Continuum dislocation modelling of cyclic fatigue in the crystal plasticity finite element framework


Nicolo Grilli

Laboratory for Nuclear Materials, Nuclear Energy and Safety Department
Paul Scherrer Institut, Switzerland

Wednesday, 19. November 2014, 17:00
WW8, Raum 2.018, Dr.-Mack-Str. 77, Fürth

Continuum dislocation dynamics models can efficiently describe microstructure and mechanical properties of single and polycrystals. The introduction of different dislocation densities, e.g. signed edge and screw dislocations, makes these theories detailed enough to reproduce the dislocation structures arising during cyclic plastic deformation. However, closure approximations are required to reduce the number of state variables [1] and make the simulation of more than 100 fatigue cycles tractable. Using closure approximations we can reproduce dislocation structures in FCC metals such as copper, aluminium and austenitic steel under single and multiple slip conditions. In particular the introduction of dislocation curvature and its relationship with dislocation orientation lead to a new formulation of the dislocation multiplication law, different with respect to previously developed ones [2]. A new formula to calculate the fraction of mobile dislocations in multiple slip conditions is presented. The complete set of equations can reproduce the characteristic fatigue-induced dislocation patterns in single (vein-channel structures) and multiple slip (labyrinth structures). The simulation needs to resolve details that are smaller than the characteristic length scale of dislocation structures, about one micron, for which an element size of 200 nm is used. Simulation results will be shown for both shear and compression tests, and the predicted average dislocation density and dislocation structure volume fractions are compared with existing experimental data. The new constitutive equations are introduced in the crystal plasticity finite element modelling (CPFEM) framework as it is implemented in the DAMASK code [3] of the Max Planck Institute for Iron Research. This computational method is capable to treat arbitrary boundary conditions and can compute stress and strain at every integration point. This means that the stress-strain relationship can be found as a function of physics-based parameters. The model can be validated by comparing the strain at the sub-dislocation structures size with Laue micro-diffraction experiments on cyclically deformed samples.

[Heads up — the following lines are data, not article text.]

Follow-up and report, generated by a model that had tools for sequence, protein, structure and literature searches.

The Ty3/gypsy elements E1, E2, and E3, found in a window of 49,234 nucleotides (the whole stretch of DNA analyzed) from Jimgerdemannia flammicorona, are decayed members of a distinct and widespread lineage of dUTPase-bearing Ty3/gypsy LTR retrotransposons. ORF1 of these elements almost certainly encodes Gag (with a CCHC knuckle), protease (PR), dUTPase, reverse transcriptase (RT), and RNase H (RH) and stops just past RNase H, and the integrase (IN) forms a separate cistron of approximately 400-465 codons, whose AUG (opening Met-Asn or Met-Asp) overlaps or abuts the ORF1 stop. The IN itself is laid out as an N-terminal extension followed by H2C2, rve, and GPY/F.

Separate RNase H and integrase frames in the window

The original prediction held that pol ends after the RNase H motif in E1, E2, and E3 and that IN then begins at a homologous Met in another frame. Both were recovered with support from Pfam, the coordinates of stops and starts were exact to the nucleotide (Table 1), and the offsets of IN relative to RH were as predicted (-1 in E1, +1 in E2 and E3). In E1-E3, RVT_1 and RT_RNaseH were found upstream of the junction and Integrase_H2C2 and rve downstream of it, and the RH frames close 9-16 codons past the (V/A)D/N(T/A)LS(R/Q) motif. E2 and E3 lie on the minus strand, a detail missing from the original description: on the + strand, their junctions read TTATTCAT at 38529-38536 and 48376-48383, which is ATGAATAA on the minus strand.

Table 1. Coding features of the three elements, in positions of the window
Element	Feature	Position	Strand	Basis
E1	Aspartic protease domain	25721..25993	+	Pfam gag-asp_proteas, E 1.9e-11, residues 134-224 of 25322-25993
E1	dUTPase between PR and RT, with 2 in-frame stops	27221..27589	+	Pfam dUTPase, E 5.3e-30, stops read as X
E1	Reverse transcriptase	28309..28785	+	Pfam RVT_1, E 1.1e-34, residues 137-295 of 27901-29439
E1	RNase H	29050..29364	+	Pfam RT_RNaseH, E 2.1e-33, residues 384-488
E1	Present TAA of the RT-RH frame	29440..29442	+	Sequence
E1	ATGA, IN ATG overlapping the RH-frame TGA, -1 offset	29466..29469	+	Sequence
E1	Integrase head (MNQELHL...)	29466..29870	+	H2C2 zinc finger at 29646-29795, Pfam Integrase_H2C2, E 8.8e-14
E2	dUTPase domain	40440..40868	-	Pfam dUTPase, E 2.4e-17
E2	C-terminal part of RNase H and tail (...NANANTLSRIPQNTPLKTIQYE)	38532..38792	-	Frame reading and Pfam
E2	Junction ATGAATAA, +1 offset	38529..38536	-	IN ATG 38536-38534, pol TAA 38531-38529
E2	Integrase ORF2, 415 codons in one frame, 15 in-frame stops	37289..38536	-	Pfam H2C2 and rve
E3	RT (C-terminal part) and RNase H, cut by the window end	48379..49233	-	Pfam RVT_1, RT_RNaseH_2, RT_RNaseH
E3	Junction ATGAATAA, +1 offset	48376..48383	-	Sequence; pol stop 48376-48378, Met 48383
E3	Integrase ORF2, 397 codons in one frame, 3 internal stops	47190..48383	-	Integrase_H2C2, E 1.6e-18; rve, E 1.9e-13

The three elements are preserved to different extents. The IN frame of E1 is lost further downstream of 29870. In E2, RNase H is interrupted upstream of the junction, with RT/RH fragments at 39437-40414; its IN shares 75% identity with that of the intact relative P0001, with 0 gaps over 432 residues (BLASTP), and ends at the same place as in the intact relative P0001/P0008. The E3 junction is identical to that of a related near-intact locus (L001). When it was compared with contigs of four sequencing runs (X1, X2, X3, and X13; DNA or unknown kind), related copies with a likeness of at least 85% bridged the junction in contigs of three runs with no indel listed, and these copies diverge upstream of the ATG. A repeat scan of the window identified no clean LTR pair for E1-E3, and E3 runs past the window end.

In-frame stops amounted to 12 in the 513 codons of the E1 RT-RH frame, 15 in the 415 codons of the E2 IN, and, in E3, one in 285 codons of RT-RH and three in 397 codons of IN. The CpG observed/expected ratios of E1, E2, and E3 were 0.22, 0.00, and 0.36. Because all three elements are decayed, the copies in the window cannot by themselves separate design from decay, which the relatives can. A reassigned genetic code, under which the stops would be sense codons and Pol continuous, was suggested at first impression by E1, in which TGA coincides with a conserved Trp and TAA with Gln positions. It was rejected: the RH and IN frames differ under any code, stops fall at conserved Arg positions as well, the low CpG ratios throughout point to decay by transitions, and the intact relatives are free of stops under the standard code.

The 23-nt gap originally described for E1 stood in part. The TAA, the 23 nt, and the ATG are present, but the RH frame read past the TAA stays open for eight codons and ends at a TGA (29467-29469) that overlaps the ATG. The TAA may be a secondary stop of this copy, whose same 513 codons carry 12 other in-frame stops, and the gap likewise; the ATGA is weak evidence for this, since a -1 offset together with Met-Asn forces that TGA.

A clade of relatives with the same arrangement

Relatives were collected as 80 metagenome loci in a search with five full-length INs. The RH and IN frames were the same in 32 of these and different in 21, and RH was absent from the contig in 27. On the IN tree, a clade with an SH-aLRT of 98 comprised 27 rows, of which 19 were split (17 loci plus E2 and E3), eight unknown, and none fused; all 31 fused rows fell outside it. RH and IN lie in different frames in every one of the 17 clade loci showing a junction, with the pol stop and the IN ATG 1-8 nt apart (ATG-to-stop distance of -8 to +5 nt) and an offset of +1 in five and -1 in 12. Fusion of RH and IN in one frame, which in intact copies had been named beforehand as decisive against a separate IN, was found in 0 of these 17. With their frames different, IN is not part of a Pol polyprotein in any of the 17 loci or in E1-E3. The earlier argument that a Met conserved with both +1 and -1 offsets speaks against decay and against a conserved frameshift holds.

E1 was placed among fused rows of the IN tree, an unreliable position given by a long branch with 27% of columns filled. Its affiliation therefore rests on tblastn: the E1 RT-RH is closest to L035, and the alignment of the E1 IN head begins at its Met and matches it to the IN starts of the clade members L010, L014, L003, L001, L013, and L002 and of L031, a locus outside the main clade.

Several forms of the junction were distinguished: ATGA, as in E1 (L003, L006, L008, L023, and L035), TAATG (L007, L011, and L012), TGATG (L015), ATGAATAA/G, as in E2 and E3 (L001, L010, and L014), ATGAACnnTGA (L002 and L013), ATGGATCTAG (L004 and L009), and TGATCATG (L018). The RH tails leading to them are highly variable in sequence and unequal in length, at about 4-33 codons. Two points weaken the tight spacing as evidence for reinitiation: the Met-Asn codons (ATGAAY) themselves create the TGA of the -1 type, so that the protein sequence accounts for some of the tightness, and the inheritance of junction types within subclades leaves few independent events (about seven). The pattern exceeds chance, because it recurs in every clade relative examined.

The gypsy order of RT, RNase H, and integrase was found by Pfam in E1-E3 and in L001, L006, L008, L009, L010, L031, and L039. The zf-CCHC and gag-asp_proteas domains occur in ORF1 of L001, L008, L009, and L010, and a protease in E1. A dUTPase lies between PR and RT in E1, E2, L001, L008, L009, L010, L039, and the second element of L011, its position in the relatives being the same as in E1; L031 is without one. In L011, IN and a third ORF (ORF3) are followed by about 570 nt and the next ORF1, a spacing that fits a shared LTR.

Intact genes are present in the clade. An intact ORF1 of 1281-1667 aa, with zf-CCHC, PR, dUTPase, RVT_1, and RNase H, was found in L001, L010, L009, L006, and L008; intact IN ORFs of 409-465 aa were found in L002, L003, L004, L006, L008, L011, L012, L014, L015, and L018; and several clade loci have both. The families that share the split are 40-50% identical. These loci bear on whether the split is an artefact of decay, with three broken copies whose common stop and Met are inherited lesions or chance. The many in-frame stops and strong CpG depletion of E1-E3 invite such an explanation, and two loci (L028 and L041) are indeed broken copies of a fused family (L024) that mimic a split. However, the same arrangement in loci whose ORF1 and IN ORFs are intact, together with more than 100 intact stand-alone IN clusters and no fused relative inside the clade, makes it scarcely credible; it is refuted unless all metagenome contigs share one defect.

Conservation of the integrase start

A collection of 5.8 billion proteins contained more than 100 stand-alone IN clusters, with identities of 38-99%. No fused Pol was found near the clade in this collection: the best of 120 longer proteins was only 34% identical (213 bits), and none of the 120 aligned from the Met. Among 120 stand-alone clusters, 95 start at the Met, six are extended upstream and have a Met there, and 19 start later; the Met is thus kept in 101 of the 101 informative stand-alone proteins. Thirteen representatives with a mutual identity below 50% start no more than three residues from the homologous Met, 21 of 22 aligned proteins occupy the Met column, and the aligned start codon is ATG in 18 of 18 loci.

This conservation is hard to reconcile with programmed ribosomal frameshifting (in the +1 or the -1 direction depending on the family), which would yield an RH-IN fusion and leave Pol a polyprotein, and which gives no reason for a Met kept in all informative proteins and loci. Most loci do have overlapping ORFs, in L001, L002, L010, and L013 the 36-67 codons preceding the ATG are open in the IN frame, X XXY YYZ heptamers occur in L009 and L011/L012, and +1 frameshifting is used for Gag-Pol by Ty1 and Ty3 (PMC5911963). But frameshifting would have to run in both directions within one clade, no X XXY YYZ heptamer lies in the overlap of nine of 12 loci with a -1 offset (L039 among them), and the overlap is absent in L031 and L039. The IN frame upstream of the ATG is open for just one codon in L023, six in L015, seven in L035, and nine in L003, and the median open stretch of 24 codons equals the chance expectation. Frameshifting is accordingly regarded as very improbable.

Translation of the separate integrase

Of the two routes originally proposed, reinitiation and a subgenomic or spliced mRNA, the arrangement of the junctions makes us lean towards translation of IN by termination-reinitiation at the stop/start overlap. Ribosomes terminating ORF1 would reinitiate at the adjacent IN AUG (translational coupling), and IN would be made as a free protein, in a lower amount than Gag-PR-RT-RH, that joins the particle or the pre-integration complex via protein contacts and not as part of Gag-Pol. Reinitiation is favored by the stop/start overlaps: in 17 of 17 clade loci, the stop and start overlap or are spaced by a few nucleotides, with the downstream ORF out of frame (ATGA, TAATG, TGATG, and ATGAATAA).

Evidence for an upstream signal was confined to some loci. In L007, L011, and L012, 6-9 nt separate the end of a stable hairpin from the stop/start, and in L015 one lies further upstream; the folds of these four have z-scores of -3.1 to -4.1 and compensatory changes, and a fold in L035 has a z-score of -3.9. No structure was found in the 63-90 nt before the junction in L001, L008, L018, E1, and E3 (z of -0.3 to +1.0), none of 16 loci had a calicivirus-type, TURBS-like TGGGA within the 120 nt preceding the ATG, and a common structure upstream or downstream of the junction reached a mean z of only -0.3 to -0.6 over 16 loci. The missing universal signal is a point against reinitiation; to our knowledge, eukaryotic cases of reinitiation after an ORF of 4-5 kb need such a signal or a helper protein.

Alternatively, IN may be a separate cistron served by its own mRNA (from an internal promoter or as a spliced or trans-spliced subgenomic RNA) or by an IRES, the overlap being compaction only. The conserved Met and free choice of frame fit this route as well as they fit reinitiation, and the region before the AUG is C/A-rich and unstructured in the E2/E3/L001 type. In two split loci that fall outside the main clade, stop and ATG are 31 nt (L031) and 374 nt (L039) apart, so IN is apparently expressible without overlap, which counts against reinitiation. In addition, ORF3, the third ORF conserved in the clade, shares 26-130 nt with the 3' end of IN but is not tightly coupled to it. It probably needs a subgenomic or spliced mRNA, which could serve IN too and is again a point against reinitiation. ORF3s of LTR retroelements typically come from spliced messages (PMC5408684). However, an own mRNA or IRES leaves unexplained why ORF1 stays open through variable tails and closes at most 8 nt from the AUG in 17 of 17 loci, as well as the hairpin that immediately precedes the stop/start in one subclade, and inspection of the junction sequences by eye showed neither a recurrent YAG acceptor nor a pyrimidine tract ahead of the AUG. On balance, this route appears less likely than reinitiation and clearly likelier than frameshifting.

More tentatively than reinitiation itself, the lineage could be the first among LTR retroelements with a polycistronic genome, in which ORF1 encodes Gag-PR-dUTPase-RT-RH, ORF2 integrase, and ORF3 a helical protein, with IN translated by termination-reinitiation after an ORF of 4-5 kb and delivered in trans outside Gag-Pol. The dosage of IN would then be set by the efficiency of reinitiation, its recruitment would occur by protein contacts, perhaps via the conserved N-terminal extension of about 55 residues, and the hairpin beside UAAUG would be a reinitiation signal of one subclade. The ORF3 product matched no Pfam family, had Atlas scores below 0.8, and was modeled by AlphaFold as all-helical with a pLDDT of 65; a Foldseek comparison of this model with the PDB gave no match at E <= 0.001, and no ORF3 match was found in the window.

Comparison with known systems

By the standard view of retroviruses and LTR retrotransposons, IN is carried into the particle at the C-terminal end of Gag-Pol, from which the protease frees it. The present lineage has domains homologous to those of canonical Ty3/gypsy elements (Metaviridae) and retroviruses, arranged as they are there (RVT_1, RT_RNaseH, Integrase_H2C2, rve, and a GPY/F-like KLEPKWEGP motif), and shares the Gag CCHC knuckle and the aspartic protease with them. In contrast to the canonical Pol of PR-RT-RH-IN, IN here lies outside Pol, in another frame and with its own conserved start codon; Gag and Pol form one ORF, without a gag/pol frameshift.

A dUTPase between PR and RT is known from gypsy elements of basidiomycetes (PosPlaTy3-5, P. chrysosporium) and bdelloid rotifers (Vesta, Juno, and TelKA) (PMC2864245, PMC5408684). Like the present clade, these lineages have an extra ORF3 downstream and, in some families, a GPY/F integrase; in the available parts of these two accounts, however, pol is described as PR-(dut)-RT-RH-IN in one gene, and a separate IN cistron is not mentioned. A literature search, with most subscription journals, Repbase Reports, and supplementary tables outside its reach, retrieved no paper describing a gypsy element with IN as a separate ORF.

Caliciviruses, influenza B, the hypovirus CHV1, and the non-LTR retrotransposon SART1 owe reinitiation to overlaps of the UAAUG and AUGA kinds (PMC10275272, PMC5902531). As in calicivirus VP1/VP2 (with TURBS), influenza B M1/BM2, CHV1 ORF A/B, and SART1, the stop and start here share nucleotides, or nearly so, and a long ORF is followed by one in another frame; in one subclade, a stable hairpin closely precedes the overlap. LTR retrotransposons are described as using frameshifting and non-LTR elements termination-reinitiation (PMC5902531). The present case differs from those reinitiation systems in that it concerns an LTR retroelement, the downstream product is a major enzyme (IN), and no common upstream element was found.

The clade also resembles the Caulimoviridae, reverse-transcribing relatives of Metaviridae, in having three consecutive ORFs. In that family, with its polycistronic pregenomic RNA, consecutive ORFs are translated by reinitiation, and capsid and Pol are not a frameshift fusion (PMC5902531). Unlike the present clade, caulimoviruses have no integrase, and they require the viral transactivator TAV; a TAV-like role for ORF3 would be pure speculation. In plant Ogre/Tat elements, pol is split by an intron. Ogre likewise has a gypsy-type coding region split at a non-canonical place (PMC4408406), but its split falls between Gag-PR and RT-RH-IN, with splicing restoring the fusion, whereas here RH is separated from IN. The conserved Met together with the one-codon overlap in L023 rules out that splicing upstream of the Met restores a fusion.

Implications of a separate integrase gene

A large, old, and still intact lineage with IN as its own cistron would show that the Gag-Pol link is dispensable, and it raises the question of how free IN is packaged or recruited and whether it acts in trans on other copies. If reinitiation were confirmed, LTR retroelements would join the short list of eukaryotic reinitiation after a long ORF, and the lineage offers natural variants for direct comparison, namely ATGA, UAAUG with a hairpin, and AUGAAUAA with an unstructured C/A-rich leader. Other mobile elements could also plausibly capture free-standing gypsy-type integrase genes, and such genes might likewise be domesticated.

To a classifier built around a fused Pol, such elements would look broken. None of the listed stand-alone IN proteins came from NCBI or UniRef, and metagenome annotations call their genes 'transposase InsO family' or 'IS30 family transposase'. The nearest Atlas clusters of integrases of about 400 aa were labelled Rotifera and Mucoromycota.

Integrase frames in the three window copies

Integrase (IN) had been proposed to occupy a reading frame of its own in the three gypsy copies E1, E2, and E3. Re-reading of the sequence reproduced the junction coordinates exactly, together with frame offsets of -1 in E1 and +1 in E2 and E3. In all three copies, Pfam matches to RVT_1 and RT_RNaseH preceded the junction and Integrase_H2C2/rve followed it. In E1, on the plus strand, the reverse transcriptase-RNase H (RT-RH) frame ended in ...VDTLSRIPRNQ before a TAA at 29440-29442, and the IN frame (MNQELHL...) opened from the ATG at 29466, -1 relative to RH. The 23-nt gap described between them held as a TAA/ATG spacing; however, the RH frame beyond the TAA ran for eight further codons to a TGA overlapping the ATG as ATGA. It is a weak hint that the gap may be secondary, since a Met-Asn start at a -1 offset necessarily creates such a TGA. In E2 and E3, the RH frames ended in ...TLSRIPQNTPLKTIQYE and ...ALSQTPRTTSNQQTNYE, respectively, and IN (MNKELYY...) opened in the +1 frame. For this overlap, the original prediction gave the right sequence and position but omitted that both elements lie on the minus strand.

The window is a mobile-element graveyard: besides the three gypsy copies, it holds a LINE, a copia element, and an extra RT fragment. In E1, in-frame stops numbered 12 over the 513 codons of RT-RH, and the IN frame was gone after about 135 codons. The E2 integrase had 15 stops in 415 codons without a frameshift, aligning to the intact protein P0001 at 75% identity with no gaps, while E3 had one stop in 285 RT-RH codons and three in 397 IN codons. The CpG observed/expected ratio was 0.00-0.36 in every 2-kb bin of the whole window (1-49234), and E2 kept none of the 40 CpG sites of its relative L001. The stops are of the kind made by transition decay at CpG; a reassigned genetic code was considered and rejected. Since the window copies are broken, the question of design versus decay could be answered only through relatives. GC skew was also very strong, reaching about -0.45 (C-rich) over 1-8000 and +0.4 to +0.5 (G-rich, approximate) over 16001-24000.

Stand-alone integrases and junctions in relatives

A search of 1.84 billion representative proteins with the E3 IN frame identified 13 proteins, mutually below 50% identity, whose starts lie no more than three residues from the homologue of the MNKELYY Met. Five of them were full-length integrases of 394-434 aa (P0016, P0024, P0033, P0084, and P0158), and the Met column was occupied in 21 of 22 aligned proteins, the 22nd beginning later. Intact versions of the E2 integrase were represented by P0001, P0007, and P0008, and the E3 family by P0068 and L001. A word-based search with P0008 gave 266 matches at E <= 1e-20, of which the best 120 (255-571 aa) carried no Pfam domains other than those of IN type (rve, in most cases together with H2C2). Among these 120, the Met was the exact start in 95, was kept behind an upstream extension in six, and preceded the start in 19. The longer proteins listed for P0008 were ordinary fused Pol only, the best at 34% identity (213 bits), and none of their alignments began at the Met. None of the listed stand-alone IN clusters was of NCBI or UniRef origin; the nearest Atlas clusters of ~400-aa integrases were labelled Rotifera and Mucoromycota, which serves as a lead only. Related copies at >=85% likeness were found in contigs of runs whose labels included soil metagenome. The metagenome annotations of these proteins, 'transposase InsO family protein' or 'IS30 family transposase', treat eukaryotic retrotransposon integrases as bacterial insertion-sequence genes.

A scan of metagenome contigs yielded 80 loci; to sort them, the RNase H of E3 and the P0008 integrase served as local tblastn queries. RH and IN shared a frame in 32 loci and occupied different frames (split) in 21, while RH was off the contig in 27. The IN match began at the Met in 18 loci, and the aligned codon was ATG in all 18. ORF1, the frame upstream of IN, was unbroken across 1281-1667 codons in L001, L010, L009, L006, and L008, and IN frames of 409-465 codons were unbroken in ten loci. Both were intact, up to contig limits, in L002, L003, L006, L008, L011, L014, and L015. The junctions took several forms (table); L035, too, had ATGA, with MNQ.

[1] Hochrainer et al., Continuum dislocation dynamics: Towards a physical theory of crystal plasticity, JMPS. 63 (2014) 167-178.

[2] Arsenlis et al., Modeling the evolution of crystallographic dislocation density in crystal plasticity, JMPS. 50 (2002) 1979-2009.

[3] F. Roters et al., Overview of constitutive laws, kinematics, homogenization and multiscale methods in crystal plasticity finite-element modeling: theory, experiments, applications, Acta Materialia. 58 (2010) 1152-1211.